That night, Charlie Co. who came in to help extract us (losing many men too) withdrew from the area and those B-52s took care of that LZ. I went back to see it about six weeks later. Though it was hard to recognize the cratered moonscape as being our position... the sniper who was killed by artillery was still up in the tree. Buzz actually climbed up and cut his "ripeness" down. No. We didn't do anything to him. He was a soldier, so were we. His patch was 1st NVA, he was about 20. He had a wallet, a family. He very nearly killed me, too.
A considerable number of very good young men died that day. I saw actual heroism on that day as you can read the happenstance of how Sgt. Holcomb gained the Medal of Honor. We, the survivors, each seemed to have a tale regarding how Sgt. Holcomb seemed to withstand attack after attack, to keep us from being overrun. I put all the accounts into one describing the events from several people. Being there did not make us all heroes. Real heroes do things beyond all concept of ability. They seem to be everywhere doing everything, and sometimes they are. It takes REAL leadership to get everybody moving, and he was able to get the paralyzed to somehow function and defend themselves.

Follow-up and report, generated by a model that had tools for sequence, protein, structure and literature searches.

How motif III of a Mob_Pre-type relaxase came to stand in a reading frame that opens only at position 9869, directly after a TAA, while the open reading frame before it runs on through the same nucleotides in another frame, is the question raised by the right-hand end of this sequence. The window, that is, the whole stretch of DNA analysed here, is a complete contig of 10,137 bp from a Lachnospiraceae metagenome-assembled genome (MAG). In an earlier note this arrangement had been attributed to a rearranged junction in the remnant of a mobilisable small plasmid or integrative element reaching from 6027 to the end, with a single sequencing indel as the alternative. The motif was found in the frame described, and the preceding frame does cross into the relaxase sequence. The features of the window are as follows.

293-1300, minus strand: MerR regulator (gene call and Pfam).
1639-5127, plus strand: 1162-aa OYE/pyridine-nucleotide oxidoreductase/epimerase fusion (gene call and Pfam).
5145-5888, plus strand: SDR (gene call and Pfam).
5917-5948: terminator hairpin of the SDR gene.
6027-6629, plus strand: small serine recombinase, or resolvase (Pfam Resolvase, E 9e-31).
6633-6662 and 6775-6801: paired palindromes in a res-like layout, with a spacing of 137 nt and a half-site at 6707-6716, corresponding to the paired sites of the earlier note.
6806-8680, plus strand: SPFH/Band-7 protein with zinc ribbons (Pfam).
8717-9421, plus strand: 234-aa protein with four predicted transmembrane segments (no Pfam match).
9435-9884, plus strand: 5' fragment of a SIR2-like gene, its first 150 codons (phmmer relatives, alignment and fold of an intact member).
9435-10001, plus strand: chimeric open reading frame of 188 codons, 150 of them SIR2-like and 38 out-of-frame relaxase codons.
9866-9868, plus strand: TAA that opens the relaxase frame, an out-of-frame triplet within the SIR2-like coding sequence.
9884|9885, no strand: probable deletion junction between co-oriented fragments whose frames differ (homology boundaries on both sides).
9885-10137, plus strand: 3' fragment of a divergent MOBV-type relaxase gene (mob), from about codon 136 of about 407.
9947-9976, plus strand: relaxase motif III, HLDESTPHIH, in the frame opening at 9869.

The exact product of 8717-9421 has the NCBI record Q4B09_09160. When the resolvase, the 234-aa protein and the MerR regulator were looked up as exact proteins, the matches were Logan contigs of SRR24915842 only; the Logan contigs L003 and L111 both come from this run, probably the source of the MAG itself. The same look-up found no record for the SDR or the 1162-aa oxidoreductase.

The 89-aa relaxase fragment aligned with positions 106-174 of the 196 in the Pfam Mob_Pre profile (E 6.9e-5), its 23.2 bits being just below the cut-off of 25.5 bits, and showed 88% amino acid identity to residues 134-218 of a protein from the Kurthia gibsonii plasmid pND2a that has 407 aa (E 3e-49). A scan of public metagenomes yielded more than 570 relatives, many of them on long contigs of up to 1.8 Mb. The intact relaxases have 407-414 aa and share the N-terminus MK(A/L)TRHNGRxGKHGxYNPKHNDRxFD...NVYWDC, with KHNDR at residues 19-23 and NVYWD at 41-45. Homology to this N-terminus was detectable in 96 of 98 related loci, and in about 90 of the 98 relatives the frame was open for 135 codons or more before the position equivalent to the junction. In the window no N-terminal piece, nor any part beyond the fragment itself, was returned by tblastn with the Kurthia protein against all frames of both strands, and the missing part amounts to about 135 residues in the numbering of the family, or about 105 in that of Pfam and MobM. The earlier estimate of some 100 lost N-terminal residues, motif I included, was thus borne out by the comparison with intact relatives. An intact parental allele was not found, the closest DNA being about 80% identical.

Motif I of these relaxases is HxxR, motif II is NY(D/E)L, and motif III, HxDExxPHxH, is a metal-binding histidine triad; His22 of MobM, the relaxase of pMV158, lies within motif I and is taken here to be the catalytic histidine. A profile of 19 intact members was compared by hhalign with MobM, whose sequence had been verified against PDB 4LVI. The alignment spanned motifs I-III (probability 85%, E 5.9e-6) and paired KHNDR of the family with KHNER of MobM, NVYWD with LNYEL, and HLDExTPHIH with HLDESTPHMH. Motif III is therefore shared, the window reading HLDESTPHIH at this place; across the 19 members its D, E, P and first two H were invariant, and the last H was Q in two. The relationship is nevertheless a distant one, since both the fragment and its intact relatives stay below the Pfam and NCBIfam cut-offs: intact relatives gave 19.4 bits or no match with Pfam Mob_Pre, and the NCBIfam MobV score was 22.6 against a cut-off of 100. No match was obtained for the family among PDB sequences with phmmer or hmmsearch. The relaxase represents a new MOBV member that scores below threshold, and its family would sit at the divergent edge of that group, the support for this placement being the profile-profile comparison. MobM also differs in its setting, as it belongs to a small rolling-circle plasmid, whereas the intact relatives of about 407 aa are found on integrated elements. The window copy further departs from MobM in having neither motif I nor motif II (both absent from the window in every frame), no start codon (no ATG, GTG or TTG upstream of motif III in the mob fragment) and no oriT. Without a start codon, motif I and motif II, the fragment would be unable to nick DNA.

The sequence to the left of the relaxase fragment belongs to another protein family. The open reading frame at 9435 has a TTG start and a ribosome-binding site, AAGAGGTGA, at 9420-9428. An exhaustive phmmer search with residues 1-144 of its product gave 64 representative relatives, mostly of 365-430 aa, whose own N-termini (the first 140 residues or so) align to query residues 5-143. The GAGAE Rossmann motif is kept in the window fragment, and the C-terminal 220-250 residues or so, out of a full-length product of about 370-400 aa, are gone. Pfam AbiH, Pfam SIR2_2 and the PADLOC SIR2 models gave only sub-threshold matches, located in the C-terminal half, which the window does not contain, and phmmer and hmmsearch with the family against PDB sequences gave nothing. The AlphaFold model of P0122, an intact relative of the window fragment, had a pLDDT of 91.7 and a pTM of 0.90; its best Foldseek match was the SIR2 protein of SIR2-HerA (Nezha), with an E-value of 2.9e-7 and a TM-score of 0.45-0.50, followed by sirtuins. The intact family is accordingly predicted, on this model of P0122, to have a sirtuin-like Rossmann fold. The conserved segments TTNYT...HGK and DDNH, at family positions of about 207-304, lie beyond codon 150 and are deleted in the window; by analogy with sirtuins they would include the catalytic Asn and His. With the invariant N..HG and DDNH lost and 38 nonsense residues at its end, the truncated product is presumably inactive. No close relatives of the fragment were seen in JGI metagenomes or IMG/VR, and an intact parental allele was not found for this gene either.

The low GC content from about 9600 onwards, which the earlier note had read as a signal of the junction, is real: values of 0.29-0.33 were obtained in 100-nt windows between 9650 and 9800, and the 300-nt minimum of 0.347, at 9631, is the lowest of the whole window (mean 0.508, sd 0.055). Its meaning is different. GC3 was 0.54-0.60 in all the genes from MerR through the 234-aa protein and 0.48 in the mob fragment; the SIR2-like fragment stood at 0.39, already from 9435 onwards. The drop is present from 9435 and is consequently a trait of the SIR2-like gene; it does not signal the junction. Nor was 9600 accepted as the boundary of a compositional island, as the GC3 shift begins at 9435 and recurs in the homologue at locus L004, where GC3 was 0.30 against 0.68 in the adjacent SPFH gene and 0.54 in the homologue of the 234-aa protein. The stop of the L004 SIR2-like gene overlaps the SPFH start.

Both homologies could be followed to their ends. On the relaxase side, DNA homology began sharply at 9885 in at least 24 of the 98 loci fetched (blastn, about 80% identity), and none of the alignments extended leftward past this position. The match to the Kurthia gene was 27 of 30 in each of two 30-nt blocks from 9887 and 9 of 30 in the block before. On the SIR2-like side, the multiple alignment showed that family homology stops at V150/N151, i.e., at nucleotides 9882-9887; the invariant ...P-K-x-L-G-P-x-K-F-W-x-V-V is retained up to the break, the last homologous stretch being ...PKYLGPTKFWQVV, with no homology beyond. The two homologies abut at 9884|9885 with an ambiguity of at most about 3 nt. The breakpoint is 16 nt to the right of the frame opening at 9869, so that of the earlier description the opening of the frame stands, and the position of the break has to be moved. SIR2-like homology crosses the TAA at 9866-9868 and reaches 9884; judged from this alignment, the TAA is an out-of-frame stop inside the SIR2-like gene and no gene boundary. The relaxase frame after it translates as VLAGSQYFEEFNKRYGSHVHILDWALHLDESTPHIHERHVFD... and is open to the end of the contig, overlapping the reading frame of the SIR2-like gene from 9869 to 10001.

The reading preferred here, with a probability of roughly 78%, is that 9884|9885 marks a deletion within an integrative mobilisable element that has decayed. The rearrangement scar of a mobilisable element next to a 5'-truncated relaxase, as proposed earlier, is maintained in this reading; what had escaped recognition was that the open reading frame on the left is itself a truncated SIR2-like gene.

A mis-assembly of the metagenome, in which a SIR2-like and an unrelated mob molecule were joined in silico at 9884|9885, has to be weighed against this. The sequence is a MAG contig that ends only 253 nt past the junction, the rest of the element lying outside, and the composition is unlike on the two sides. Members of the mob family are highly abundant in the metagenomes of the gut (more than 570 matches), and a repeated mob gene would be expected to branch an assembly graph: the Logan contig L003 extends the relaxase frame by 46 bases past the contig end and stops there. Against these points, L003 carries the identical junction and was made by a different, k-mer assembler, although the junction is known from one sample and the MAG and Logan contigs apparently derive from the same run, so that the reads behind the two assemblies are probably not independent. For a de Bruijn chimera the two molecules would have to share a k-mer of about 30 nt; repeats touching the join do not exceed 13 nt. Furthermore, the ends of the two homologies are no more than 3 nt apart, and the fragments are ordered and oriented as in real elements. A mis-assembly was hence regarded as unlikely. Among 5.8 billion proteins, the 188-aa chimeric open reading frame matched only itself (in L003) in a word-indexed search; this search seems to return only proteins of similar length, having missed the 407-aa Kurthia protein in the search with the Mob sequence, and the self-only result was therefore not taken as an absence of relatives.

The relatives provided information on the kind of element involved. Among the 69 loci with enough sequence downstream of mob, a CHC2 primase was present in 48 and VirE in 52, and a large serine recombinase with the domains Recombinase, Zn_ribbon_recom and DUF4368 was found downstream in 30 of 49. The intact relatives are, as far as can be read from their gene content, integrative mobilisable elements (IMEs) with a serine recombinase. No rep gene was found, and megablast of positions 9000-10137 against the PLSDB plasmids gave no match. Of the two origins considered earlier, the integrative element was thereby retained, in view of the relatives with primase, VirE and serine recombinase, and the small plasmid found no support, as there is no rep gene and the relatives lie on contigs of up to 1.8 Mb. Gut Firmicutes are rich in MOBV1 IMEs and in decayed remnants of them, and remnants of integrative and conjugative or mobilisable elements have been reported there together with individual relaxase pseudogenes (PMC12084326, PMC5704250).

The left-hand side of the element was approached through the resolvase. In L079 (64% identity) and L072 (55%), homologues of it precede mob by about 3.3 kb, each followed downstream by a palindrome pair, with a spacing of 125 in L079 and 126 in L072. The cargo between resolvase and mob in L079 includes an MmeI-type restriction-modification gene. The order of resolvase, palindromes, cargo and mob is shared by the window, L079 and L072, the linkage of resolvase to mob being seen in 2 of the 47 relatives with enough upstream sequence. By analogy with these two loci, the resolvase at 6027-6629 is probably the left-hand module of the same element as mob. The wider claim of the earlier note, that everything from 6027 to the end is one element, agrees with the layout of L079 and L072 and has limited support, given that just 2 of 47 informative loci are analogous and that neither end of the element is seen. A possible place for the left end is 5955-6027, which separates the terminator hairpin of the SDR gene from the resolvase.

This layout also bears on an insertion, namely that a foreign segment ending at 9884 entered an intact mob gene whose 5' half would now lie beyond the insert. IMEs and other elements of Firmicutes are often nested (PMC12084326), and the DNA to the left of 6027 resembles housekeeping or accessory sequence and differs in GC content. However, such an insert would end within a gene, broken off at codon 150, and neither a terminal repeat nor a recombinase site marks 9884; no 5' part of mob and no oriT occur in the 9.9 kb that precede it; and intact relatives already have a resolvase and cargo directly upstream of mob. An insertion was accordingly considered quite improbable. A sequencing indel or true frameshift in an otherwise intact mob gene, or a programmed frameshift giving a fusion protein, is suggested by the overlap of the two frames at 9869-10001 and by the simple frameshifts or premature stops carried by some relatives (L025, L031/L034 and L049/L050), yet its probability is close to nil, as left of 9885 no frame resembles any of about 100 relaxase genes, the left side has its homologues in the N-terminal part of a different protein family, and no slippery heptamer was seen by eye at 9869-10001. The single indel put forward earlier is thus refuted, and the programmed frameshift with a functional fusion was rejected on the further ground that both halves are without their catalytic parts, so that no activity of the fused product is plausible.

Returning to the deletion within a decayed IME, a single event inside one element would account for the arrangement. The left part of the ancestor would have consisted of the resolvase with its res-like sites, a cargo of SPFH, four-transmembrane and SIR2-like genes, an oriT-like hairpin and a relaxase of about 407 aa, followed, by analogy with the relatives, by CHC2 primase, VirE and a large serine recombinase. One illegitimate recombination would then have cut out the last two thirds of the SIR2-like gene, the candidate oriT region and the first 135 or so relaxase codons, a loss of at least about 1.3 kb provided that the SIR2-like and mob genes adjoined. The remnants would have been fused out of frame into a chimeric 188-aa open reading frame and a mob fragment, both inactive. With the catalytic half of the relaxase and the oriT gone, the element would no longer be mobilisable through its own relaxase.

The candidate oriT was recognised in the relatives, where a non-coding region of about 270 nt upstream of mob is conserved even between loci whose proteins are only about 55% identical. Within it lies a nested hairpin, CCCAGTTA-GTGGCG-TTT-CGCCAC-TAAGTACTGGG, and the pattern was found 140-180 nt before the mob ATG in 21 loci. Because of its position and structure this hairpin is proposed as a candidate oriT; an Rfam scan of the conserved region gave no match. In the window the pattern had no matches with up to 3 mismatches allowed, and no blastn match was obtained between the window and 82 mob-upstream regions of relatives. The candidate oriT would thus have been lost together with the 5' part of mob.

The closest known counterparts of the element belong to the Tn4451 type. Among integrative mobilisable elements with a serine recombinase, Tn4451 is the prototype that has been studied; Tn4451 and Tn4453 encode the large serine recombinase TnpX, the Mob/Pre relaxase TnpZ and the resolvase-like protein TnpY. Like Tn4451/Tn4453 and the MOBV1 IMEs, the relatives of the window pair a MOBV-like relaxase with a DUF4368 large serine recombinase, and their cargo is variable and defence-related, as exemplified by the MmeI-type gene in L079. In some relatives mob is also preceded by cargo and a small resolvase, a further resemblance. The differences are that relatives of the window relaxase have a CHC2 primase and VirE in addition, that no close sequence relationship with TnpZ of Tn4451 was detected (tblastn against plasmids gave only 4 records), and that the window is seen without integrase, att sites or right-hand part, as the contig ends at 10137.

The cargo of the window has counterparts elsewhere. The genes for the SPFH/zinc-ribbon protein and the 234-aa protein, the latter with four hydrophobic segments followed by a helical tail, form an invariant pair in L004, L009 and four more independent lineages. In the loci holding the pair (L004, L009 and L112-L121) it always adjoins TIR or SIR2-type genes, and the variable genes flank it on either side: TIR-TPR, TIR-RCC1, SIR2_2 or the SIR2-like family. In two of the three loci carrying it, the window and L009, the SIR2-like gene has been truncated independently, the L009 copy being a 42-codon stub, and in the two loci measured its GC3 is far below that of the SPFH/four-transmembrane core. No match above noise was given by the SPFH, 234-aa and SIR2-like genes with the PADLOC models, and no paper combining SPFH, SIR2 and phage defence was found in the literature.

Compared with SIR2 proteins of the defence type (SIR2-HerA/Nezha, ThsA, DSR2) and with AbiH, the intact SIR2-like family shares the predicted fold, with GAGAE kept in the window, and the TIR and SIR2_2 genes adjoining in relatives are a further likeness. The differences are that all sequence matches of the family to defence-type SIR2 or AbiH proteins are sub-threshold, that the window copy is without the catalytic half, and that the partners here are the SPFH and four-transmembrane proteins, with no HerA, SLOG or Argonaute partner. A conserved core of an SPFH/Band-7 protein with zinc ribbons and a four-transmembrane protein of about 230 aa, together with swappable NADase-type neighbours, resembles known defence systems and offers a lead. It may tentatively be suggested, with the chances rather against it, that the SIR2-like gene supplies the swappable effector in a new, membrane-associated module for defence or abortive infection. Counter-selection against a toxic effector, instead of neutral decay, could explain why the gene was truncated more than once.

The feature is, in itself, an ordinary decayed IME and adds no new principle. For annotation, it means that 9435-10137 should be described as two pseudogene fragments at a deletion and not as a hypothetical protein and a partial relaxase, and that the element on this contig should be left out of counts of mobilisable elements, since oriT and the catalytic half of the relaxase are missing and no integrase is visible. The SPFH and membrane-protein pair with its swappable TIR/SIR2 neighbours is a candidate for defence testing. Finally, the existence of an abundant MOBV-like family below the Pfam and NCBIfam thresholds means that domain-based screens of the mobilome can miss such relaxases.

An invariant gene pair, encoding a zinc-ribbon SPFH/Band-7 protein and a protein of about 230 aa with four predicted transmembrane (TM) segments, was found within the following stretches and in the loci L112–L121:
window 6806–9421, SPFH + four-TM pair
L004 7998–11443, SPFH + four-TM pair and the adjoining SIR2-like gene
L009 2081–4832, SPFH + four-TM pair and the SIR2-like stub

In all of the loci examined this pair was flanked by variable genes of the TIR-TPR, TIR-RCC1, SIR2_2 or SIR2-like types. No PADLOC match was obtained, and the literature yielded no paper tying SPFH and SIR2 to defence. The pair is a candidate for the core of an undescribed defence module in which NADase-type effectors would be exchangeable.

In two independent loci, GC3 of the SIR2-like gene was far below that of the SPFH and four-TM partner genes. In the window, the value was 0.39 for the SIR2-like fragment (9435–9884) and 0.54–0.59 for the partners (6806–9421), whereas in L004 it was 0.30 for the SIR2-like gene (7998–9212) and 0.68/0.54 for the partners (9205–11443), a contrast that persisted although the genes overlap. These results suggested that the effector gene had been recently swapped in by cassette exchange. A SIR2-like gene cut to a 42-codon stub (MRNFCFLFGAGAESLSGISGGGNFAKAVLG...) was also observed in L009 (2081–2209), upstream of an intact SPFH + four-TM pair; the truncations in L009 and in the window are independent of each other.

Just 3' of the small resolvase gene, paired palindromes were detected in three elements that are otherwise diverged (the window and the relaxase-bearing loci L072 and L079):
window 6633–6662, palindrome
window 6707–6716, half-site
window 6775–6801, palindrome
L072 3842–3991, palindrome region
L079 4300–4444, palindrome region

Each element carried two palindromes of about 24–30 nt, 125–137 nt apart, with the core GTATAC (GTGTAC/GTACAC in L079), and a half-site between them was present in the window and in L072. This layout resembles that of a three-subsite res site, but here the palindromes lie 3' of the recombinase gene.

It was particularly hard for me as I had called all fire in on our position. The radio was destroyed before the message got out. I had to fight my way out of this, it was not going to be a good day. I'm fortunate the radio was destroyed. Despite an unbelievable volume of fire against us without any cover, despite the use of white phosphorus in the dry grass by the enemy, despite taking napalm and high explosives from very close jet bombing runs...a few of us were capable of moving and helping others. When someone shoots at you all day, a lull in the battle is like a summer's breeze. The exhilaration of surviving was very short lived as I loaded chopper after chopper with people I used to know, faces I'll never see again, whether or not they survived. I wouldn't let anyone show me pictures of their family after that day. I wasn't real friendly either, though I was never abusive. Life was more serious after Dec. 3rd 1968. It's become more precious now everyday.
Printed by Permission.
ŠJoe A. Danielson, 2004-2009, All Rights Reserved.